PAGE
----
|Home | About | Journals | Submit | Contact Us | Français|
Use of thermophilic organisms has a range of advantages, but the significant lack of engineering tools limits their applications. Here we show that β-galactosidase from Geobacillus stearothermophilus (BgaB) can be applicable in a range of conditions, including different temperatures and oxygen concentrations. This protein functions both as a marker, promoting colony color development in the presence of a lactose analogue S-gal, and as a reporter enabling quantitative measurement by a simple colorimetric assay. Optimal performance was observed at 70 °C and pH 6.4. The gene was introduced into G. thermoglucosidans. The combination of BgaB expressed from promoters of varying strength with S-gal produced distinct black colonies in aerobic and anaerobic conditions at temperatures ranging from 37 to 60 °C. It showed an important advantage over the conventional β-galactosidase (LacZ) and substrate X-gal, which were inactive at high temperature and under anaerobic conditions. To demonstrate the versatility of the reporter, a promoter library was constructed by randomizing sequences around −35 and −10 regions in a wild type groES promoter from Geobacillus sp. GHH01. The library contained 28 promoter variants and encompassed fivefold variation. The experimental pipeline allowed construction and measurement of expression levels of the library in just 4 days. This β-galactosidase provides a promising tool for engineering of aerobic, anaerobic, and thermophilic production organisms such as Geobacillus species.
The online version of this article (doi:10.1186/s13568-017-0469-z) contains supplementary material, which is available to authorized users.
Economically feasible production of biofuels and biochemicals using microbial cell factories is becoming an increasingly important challenge in the transition towards a sustainable society. Development and optimization of suitable production microorganisms is essential to meet this challenge. Direct engineering of the metabolic pathways of these microorganisms is a recognized method for improving properties and performances. Tuning gene expression to perform metabolic optimization rather than substantial overexpression or inactivation of genes is thus far more appreciated.
Today, strain development for production of many biochemicals is based on metabolic engineering of few mesophilic organisms, such as Escherichia coli and Saccharomyces cerevisiae (Fisher et al. 2014; Otero et al. 2013; Woolston et al. 2013). The choice of production host has largely been determined by the availability of efficient engineering tools that enable rapid strain development. Besides being convenient, these organisms are not necessarily the best-suited hosts for robust and low cost production of chemicals.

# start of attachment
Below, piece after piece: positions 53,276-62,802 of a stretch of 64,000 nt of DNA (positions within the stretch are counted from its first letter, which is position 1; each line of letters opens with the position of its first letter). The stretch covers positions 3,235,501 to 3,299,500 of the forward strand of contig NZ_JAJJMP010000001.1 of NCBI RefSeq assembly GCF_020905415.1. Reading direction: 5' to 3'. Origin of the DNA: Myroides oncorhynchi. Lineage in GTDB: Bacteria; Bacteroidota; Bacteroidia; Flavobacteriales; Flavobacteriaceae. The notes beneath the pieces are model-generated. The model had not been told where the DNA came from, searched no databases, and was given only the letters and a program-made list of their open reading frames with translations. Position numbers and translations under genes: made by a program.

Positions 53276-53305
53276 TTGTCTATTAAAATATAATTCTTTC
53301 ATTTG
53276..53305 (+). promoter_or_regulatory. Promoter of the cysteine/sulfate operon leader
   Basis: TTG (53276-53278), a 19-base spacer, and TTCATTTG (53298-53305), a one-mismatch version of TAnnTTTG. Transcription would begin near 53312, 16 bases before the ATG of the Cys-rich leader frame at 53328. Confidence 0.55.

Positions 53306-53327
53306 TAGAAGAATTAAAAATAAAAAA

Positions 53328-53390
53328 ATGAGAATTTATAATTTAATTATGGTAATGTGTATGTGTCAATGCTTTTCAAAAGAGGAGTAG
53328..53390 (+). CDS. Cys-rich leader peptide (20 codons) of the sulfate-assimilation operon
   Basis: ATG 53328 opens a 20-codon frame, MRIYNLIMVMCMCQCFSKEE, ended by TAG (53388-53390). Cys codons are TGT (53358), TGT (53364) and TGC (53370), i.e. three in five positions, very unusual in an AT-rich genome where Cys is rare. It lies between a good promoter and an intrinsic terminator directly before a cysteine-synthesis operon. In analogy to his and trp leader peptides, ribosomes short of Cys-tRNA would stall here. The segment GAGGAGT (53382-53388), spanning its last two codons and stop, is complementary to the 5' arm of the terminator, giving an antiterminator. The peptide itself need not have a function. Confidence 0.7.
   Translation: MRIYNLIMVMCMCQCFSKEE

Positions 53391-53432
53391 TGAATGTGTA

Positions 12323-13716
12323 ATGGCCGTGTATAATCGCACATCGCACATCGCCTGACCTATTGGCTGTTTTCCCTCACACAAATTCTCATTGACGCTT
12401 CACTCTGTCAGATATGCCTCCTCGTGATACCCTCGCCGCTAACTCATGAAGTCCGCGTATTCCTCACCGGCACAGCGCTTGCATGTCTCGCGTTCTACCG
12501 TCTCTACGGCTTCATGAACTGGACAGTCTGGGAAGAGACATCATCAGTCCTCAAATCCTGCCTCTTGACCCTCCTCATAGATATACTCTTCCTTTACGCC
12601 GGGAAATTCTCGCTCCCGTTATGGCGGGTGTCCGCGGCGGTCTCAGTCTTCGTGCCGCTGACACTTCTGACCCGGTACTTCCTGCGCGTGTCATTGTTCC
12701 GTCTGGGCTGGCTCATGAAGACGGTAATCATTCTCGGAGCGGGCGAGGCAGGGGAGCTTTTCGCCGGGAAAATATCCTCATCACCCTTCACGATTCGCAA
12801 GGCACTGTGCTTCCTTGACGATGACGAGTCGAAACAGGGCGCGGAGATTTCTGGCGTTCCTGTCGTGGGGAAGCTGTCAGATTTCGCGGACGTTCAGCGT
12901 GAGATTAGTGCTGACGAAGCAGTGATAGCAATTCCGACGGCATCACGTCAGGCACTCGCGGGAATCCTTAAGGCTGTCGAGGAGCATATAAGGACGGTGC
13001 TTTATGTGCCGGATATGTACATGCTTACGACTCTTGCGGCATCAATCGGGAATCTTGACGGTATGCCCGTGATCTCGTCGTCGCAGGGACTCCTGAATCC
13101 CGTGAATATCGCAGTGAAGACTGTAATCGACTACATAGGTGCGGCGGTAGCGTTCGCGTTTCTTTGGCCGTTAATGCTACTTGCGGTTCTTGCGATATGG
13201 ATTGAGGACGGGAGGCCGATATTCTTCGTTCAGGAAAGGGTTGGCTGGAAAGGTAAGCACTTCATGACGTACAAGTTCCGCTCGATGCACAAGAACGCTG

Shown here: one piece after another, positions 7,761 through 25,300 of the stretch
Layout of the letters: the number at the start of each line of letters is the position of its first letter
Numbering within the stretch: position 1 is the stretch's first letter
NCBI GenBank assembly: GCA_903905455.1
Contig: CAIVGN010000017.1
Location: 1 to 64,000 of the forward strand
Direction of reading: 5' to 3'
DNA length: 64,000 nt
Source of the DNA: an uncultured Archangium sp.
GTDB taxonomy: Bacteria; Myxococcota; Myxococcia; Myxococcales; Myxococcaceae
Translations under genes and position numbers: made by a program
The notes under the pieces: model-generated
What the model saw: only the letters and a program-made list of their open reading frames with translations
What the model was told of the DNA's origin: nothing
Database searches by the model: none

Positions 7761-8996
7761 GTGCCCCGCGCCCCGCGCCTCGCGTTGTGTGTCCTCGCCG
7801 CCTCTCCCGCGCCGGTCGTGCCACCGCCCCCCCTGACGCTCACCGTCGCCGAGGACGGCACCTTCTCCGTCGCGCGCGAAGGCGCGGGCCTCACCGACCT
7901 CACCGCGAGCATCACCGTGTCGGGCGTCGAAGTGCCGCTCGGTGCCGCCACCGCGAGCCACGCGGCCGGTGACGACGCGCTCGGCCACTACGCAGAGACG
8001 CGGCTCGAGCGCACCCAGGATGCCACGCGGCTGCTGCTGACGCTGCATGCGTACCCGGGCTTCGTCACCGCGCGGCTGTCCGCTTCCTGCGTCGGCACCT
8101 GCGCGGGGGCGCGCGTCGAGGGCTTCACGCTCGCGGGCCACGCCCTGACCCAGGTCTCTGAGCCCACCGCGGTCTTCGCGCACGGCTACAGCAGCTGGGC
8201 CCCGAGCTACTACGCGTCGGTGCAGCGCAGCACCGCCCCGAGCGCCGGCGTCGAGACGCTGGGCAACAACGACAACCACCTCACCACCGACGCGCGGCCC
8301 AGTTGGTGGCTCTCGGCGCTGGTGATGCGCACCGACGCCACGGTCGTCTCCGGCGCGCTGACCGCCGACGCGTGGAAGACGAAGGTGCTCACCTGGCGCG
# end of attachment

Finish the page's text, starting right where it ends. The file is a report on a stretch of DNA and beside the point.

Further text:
Thermophilic fermentation has several advantages compared to conventional mesophilic fermentation, including: (i) metabolic rates are typically higher at elevated temperatures; (ii) thermophiles are robust and contain thermotolerant enzymes; (iii) thermophilic organisms generally have a low cellular growth yield, hence more substrate carbon is directed towards the product; (iv) thermophilic fermentations are less prone to contaminations by mesophiles; (v) growth at high temperature facilitates recovery of volatile products, for example ethanol (Payton 1984); (vi) fermentation at elevated temperatures reduces the requirement for cooling (Kuhad and Singh 1993; Payton 1984; Wiegel and Ljungdahl 1986). Examples of metabolic engineering of thermophiles have long been limited, but have recently started to emerge (Bhandiwad et al. 2014; Cripps et al. 2009; Shaw et al. 2008; van der Veen et al. 2013). However, genetic tools are often strain-specific (Klapatch et al. 1996; Mai et al. 1997; Mai and Wiegel 2000), and there is a need for a generalized toolbox that allows genetic manipulation and screening of thermophilic production strains.
In particular, the variety of genetic markers and reporters suited for thermophiles is very limited, although a few thermostable variants of green fluorescent protein (GFP) have recently been developed (Aliye et al. 2015; Kiss et al. 2009). A major limitation for applying the GFP variants is that the formation of the chromophores strictly requires oxygen, which restricts the use to aerobic systems (Piatkevich and Verkhusha 2011).
The enzyme β-galactosidase (EC 188.8.131.52), commonly named lactase, catalyzes the hydrolysis of the terminal non-reducing β-d-galactose residues in β-d-galactosides. For example, it catalyzes the hydrolysis of lactose into glucose and galactose. Several β-galactosidases have been isolated and characterized for the production of lactose-free milk products (Panesar et al. 2006). Thermostable β-galactosidases possess a considerable industrial potential due to their high activity at elevated temperatures (Chen et al. 2008; Pessela et al. 2003; Zeikus et al. 1998). Different thermostable β-galactosidases from bacteria, archaea, and fungi have been identified and characterized with industrial perspective, from species including: Thermus sp. (Ohtsu et al. 1998; Ulrich et al. 1972), Geobacillus stearothermophilus (Chen et al. 2008), Thermotoga maritima (Kim et al. 2004), Thermoanaerobacter sp. (Lind et al. 1989), Bacillus coagulans (Batra et al. 2002), Pyrococcus woesei (Daabrowski et al. 2000), Rhizomucor sp. (Shaikh et al. 1999), and Talaromyces thermophilus (Nakkharat and Haltrich 2006). The most studied β-galactosidase is derived from E. coli, notably a mesophile, and is encoded by lacZ. It has been used to elucidate the catalytic mechanism of this enzyme (Mahoney 1997), and it is frequently used in life sciences, since the active enzyme is easily detected when the lactose analogue 5-bromo-4-chloro-3-indolyl-β-d-galactopyranoside (X-gal) is cleaved forming an intense blue product. The color development requires the presence of oxygen, which limits its use to aerobic bacteria. The more recently developed thermostable dye, 3,4-cyclohexenoesculetin β-d-galactopyranoside (S-gal), does not require oxygen for development of a black product (Heuermann and Cosgrove 2001). Application of this dye would enable color-based selection in thermophilic microorganisms, both anaerobic and aerobic.